Changing Guard at Buckingham Palace by A A Milne and E H Shepard
|Changing Guard at Buckingham Palace by A A Milne and E H Shepard|
|Category: Children's Rhymes and Verse|
|Reviewer: Zoe Morris|
|Summary: A compilation of the most well-loved poems, this is a new volume of some old classics. Every home needs a copy.|
|Buy? Yes||Borrow? Yes|
|Pages: 112||Date: March 2013|
|Publisher: Egmont Books|
Do you remember that time when they were changing guard at Buckingham Palace, and Christopher Robin went down with Alice? Or how about that Christmas when King John (not a good man) asked for lots of things but only really wanted a big, India-rubber ball? These were the poems of my childhood, so much so that when this new compilation arrived I remembered some of them by heart even though it must have been a good 20 years since I leafed through Now We Are Six and When We Were Very Young
This isn’t a new book, but it’s a new release of some old classics, in a nice new edition. It’s a hardback which makes it that little bit more special – I remember thinking it was a real treat to read my mother’s Winnie the Pooh and The House At Pooh Corner because they came in a single big, beautiful, hardback volume which stood them apart from most books of my childhood. Hardbacks have weight in your hands. They seem proper, more serious books than a simple paperback. This is a lovely edition because it’s a child-sized hardback, so you get all the perks of a stiffer spine, but it’s still suitable for little hands to hold. The cover has a clear British theme to it, with red, white and blue background, and the subtitle on the front adds to this. It’s Britain through the poems of A.A. Milne and the eyes of E.H. Shepard they tell us.
Anyone who knows anything about Pooh will remember that Milne did the words and Shepard did the pictures (or ‘decorations’ as they call them here). I’ve always thought it so very clever that they can take illustrations from one edition and re-use or edit them for further versions without the loss of any of the magic. That’s certainly the case here. There’s at least one on every double page spread, sometimes two or three, and they are the same illustrations you’ll remember from the editions you read as a child, reproduced in bright, vivid colours. To my eye they look classic rather than old-fashioned, and to kids, well, I think they’ll just look like pictures that go well with the words, more formal as they sometimes are.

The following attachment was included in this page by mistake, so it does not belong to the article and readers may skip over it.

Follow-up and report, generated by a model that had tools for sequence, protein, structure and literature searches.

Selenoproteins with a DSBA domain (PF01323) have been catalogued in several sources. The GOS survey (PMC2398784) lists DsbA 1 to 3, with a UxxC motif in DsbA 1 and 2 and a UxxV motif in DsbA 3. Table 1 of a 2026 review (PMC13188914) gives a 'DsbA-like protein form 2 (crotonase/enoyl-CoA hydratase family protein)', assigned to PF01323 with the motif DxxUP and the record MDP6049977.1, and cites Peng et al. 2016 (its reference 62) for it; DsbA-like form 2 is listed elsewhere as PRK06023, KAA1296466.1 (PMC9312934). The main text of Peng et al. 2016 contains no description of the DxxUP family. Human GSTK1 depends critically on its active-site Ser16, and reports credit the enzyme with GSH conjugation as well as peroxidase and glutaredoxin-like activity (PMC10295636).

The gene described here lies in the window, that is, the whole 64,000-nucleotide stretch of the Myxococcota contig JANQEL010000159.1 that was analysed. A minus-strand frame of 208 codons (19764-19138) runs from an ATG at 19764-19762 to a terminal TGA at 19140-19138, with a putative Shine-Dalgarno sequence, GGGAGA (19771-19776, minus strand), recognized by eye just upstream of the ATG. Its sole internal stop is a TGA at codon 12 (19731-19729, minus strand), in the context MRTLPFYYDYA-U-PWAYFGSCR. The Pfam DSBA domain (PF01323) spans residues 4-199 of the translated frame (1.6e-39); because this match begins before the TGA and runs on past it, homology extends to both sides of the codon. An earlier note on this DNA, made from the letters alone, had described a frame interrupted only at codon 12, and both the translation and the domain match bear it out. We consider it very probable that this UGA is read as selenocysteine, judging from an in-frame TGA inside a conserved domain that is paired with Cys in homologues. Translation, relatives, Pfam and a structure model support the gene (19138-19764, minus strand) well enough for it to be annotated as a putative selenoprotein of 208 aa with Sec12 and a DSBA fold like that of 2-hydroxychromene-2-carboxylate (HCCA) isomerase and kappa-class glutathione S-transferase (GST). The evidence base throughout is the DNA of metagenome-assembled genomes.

The poems haven’t been changed at all (a jolly good thing too! No one wants Now I am thirty, and a little bit flirty) but apart from the odd word and phrase (forty shillings reward for information leading to the return of James Morrison Weatherby George Dupree’s mother) there’s surprisingly little to baffle the next generation.
While I don’t vividly remember all the poems, there’s not a dud one in the mix. Not all the poems from the two original volumes are included here, but that means the ones that are have been specially selected, as the better ones or more popular ones or whatever. I would have been sad if the King’s Breakfast had been missed out (it hasn’t) but I can’t immediately think of any that are missing, so the selection process seems to have worked well.
We have lots of poems about Pooh and Christopher Robin which I like, as in books of poems you often don’t get to see the same characters twice, but there are new people to meet too. I especially like the three foxes who, you’ll remember, didn’t wear stockings and didn’t wear sockses and when Anne and friend go out for a walk, make plans for what they’ll do at forty-two… and then just do it that afternoon, rather than waiting a lifetime. But, my all-time favourite has to be that King who just wants a little bit of butter for his bread and makes the lazy cow get off her fat behind to give him some.
So there you have it. The best of When We Were Very Young and Now We Are Six, beautifully presented in a new volume. Just the same as how you remember them, repacked for the children who need to meet them now, so they can be the ones remembering them in the future, many years from now. Every home needs a copy.
Thanks go to the publishers for supplying this book.
A fan of classic Pooh but less sure about the new stuff? Return to the Hundred Acre Wood by David Benedictus is an excellent follow up to the originals.
You can read more book reviews or buy Changing Guard at Buckingham Palace by A A Milne and E H Shepard at Amazon.co.uk.
You can read more book reviews or buy Changing Guard at Buckingham Palace by A A Milne and E H Shepard at Amazon.com.
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